MADE in Sheffield software is poised to take international markets by storm, enhancing the city’s reputation for digital excellence.
Software engineers from Silicon Valley based WANdisco’s Sheffield office, based at Electric Works on the Digital Campus have launched a major new development of the company’s Subversion software which is used by blue chip companies around the world.
Corporate users include most, if not all the Fortune 1,000 companies Goldman Sachs, Barclays Bank and BT, which has the largest number of Subversion users in the UK.
The new product, dubbed “uberSVN,” has given added momentum to the company’s plans to accelerate its growth by raising money from a stock market floatation, which it will use to acquire complementary software businesses.
WANdisco’s Sheffield-born president and chief executive, David Richards, described the Sheffield team as “phenomenal,” adding: “Coming to Sheffield has been massively successful for us.”
“People think we are here because I am from Sheffield,” continued the former Tapton School pupil.
“We are here because it makes the best business sense for us. We contacted Manchester, Leeds and some other places, but the most business friendly and receptive place was Sheffield.”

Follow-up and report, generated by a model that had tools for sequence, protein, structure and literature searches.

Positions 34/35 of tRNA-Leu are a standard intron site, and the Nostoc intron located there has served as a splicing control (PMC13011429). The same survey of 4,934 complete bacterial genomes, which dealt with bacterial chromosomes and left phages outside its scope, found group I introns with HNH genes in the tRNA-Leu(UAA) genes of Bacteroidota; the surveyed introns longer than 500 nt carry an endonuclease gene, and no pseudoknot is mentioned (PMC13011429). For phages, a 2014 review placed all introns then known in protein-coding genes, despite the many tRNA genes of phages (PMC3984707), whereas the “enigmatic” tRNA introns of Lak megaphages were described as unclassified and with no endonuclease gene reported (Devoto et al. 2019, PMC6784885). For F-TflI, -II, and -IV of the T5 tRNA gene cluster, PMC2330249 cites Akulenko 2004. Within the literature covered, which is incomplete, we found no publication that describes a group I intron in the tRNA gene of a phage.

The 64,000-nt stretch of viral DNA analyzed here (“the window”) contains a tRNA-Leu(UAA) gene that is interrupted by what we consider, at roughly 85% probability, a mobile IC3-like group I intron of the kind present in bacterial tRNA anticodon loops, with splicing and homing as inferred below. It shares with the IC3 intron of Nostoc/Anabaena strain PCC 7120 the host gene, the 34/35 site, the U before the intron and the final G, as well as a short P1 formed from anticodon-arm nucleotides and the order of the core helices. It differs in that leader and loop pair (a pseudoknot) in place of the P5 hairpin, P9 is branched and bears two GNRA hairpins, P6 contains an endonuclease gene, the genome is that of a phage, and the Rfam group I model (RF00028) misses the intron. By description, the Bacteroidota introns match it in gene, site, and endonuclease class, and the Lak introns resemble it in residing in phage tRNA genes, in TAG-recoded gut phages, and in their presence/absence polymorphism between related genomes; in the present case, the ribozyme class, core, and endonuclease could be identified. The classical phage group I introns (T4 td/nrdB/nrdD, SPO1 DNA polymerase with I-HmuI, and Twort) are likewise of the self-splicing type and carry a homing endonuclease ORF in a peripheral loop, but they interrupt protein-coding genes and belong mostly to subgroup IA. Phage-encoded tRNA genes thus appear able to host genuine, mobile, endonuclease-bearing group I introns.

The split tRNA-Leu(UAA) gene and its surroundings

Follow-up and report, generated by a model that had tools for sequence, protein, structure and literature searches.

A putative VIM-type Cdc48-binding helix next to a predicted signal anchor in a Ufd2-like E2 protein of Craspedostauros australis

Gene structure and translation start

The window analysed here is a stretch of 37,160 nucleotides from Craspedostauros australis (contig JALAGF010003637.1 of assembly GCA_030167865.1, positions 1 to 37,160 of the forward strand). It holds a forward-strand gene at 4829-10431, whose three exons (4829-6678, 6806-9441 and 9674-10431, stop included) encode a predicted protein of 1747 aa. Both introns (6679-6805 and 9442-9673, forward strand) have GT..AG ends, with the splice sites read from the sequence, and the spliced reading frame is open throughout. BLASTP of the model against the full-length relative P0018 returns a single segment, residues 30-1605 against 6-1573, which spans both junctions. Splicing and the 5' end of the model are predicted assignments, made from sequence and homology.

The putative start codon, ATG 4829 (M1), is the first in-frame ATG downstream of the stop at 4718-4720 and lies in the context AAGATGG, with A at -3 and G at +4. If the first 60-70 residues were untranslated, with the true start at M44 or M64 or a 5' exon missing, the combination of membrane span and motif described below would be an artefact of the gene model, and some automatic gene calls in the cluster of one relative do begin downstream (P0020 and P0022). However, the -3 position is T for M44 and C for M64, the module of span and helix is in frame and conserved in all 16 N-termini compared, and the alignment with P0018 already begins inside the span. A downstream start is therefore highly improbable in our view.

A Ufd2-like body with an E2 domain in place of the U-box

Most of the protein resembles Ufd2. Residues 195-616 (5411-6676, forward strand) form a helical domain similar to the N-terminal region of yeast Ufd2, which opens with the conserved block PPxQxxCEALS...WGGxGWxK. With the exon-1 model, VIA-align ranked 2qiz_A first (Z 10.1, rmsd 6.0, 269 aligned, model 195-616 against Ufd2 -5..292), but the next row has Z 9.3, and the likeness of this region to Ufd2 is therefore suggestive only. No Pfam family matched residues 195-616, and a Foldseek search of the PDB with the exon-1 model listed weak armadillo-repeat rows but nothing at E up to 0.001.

Mr Richards also praised the skills of the city’s creative media sector which had created “the best corporate video we have ever had” for the launch of the company’s Made in Sheffield software.
Sheffield City Council Liberal Democrat leader, Coun Paul Scriven, said: “This is brilliant news for the city, coming on the back of the fact that, over the last three months, we have seen about 1,700 jobs coming to the city, many of them in the digital and creative sector, which is changing the world.
“It is good, not just in terms of the growth of the economy and jobs, but in getting Sheffield to be seen by top companies as the place where solutions to digital problems come from. That is important in attracting other companies here to ensure Sheffield stays ahead as an innovator, not just in manufacturing, but in the creative and digital sector.” Coun Scriven said it was important that Sheffield continued to put across the message that it was a business friendly city, a message that was bolstered by the Council’s creation of a £1.4 million reserve to assist businesses and encourage growth, despite opposition talk of ending the fund.